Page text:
Sat. Jul 20th, 2024

Help Liberate Nigeria’s Economy, By Abubakar Muazu

business state growing up concept.

The Nigerian economy is an enslaved economy. This is at the heart of the travails it has been going through and the continued suffering of the Nigerian people since the recession of 1978. The enslavement is, in one breath, a victim of the incorporation, like most so-called developing countries, of the global capitalist system. That system was configured primarily, and even beyond that, to serve the economic interests of the United States of America and Europe. If any country outside that circle was able to free itself, it was a result of steely determination to self-liberate from the hold of that organised value expropriation arrangement.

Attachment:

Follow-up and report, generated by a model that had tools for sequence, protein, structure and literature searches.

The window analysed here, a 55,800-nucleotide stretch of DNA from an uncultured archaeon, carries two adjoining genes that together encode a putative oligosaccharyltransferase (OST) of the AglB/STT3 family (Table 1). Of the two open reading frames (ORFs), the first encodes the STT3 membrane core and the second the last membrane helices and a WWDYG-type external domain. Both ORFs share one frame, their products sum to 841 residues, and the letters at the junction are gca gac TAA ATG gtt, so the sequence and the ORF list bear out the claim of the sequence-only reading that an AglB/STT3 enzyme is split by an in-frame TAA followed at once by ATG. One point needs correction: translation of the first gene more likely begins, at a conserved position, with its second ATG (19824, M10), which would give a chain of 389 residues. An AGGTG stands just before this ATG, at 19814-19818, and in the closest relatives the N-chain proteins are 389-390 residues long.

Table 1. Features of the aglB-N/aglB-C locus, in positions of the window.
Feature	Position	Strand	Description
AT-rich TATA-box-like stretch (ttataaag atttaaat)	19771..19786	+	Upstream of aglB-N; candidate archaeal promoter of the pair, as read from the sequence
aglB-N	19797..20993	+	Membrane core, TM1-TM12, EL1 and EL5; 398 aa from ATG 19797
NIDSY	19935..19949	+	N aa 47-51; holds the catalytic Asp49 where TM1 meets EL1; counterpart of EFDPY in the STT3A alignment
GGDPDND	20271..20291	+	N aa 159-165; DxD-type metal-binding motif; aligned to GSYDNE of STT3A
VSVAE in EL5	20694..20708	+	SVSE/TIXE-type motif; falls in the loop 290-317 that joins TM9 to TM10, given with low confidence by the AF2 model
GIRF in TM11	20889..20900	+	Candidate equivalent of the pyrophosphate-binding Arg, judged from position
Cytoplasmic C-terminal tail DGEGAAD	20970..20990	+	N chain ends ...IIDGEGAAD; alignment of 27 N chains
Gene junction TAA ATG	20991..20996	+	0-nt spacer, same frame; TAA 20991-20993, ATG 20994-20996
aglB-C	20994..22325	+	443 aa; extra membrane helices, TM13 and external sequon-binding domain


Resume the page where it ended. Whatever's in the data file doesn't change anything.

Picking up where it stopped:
For Nigeria to be economically free, it has to take a path, a steely path of deliberate obdurate resistance to the enslaving economic system that has continued to hold it captive to foreign interests. It is not going to be a one-off battle, but a series of difficult battles, against strongly conscious, organised and determined internal and external brutal forces ready to virulently keep Nigeria on its knees. It is important to keep eternal vigilance when waging such a war for liberating Nigeria’s economy. It needs to be realised that it must be a battle of commitment with unwavering determination and an unshaven faith for victory.  Nigeria holds the promise of being a great and unshakeable economic, cultural and military power in the world. Its economic travails are directed towards ensuring that it does not ever reach this status in the world.